Poland's Pre-War Panache
'Nie Tylko Art Deco' (Not Only Art Deco)
May 18th - September 2nd 2007
National Museum, ul, 3 Maja 1
Art Deco usually conjures images of a jiving New York - a world of jazz, svelte cocktail bars and ball-busting movie producers with a penchant for cigars and not only. But rewind to Paris's 'Exposition Internationale des Arts Decoratifs' of 1925 and we find that Poland was the toast of the show.
Above: Anna Birtus-Seifert, 'III Exhibition of the State School of Industrial Design in Krakow' (1926), courtesy of Krakow National Museum
This season's exhibition at the National Museum draws back the curtain on the brilliance of Polish talent during that era. The Poles embraced the Art Deco style with gusto, and after the triumph of Paris in 1925, the new style found it's way into all corners of contemporary design.
However, whilst America's 'zig-zag style' was never truly extinguished, the Art Deco world was snuffed out in Poland with the coming of Stalinism. Hit films from the 1930's were no longer shown, and pre-war art was invariably regarded with the utmost suspicion. It wasn't until the fall of the Berlin Wall that a substantial exhibition of Polish Art Deco could be staged. Since then, trinkets from that era have become some of the most sought after treasures in the Polish art world, with dealers falling over themselves to snap pieces up. This is hardly surprising given the sheer quality of Polish Art Deco. This was true not only of furniture, but also of more transitory treasures such as posters, postcards and chocolate boxes. These were often endowed with folkloric flourishes that gave Polish Art Deco a distinctive flavour of its own.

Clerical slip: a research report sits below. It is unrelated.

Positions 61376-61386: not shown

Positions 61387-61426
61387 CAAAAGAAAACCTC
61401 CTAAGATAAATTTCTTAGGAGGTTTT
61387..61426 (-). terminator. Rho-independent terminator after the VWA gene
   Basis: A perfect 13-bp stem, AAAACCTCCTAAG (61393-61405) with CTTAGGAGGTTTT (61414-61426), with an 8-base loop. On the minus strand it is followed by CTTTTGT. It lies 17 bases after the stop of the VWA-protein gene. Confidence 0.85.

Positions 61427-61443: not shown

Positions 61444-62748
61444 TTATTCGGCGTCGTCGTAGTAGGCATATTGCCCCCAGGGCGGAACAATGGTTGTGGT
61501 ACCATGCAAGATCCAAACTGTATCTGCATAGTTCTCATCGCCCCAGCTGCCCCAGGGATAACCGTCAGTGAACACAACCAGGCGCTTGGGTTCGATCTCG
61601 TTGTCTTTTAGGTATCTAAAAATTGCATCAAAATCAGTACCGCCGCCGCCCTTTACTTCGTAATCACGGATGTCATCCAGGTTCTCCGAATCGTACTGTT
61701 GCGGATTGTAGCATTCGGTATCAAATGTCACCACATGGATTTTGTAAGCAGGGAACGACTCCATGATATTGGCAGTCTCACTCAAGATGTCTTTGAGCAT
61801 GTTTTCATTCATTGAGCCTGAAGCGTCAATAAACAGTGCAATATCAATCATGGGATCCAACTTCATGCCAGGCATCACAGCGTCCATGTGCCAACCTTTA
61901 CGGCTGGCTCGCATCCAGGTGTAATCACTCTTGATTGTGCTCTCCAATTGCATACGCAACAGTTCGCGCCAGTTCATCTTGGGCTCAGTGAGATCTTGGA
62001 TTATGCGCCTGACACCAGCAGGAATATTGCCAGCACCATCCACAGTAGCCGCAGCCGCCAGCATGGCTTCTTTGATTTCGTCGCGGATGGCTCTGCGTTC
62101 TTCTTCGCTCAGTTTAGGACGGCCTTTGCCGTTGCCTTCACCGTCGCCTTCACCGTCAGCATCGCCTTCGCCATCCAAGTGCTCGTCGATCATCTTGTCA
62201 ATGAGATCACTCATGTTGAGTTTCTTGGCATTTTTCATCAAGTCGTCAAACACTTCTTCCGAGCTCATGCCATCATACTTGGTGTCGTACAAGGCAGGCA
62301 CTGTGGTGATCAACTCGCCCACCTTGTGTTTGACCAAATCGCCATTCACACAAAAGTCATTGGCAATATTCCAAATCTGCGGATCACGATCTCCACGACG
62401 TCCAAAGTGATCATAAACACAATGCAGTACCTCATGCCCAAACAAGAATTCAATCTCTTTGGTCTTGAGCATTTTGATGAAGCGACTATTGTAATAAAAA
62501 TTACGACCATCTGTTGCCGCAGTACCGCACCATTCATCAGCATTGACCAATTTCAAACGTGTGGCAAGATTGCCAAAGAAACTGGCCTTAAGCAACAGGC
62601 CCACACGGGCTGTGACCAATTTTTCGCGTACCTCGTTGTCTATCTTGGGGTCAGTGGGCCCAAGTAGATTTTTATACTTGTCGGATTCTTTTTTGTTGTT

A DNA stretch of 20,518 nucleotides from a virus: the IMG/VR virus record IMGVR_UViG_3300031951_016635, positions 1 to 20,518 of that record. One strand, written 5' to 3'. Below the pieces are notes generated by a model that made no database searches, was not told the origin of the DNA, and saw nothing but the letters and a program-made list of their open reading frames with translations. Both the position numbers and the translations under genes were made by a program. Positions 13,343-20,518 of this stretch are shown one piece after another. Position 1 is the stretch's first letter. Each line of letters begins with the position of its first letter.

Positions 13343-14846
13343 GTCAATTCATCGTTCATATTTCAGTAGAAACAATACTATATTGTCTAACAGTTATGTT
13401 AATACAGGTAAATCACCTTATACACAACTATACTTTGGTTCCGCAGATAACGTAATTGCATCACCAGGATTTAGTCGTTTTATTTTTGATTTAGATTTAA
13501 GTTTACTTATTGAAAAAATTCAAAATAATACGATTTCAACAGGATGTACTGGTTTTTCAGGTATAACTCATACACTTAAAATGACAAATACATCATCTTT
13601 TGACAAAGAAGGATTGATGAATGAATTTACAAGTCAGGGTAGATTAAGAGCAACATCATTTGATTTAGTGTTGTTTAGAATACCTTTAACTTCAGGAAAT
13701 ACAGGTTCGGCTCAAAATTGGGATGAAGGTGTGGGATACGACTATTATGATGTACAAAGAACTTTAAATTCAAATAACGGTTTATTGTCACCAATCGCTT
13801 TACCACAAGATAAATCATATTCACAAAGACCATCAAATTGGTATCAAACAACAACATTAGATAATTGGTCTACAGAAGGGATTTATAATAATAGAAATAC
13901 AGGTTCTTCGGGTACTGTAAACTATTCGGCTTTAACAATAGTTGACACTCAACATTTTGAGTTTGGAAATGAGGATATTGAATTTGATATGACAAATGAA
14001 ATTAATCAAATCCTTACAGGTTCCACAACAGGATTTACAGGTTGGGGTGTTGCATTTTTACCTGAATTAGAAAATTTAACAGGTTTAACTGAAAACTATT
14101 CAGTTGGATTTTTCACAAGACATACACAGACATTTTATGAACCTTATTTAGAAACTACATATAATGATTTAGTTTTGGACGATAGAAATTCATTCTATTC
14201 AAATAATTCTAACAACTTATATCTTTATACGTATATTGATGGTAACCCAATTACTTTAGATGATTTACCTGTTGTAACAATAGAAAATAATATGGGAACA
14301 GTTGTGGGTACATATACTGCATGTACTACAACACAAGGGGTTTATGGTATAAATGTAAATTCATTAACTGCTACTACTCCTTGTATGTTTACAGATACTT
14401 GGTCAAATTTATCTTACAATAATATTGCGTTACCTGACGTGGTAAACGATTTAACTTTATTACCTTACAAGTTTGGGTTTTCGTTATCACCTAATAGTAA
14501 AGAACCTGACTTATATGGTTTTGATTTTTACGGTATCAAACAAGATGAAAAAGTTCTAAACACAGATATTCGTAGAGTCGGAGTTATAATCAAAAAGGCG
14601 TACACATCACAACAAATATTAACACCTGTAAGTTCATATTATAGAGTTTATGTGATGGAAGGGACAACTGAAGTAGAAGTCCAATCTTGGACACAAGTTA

The inspiration for this exhibition came from a substantial loan from Lviv, Ukraine (formerly Polish Lwow). An extraordinarily rich collection of Art Deco posters has managed to survive there in a branch of the city museum, the largest single collection in existence. 100 of these have come to Cracow's National Museum for this one-off exhibition. As it goes, the Polish poster needs no introduction to art aficionados, but the Summer show is decked out with many other kinds of applied art, including furniture, glassware, ceramics and more. There's a veritable horde of forgotten treasures, so don't miss the chance to have a look.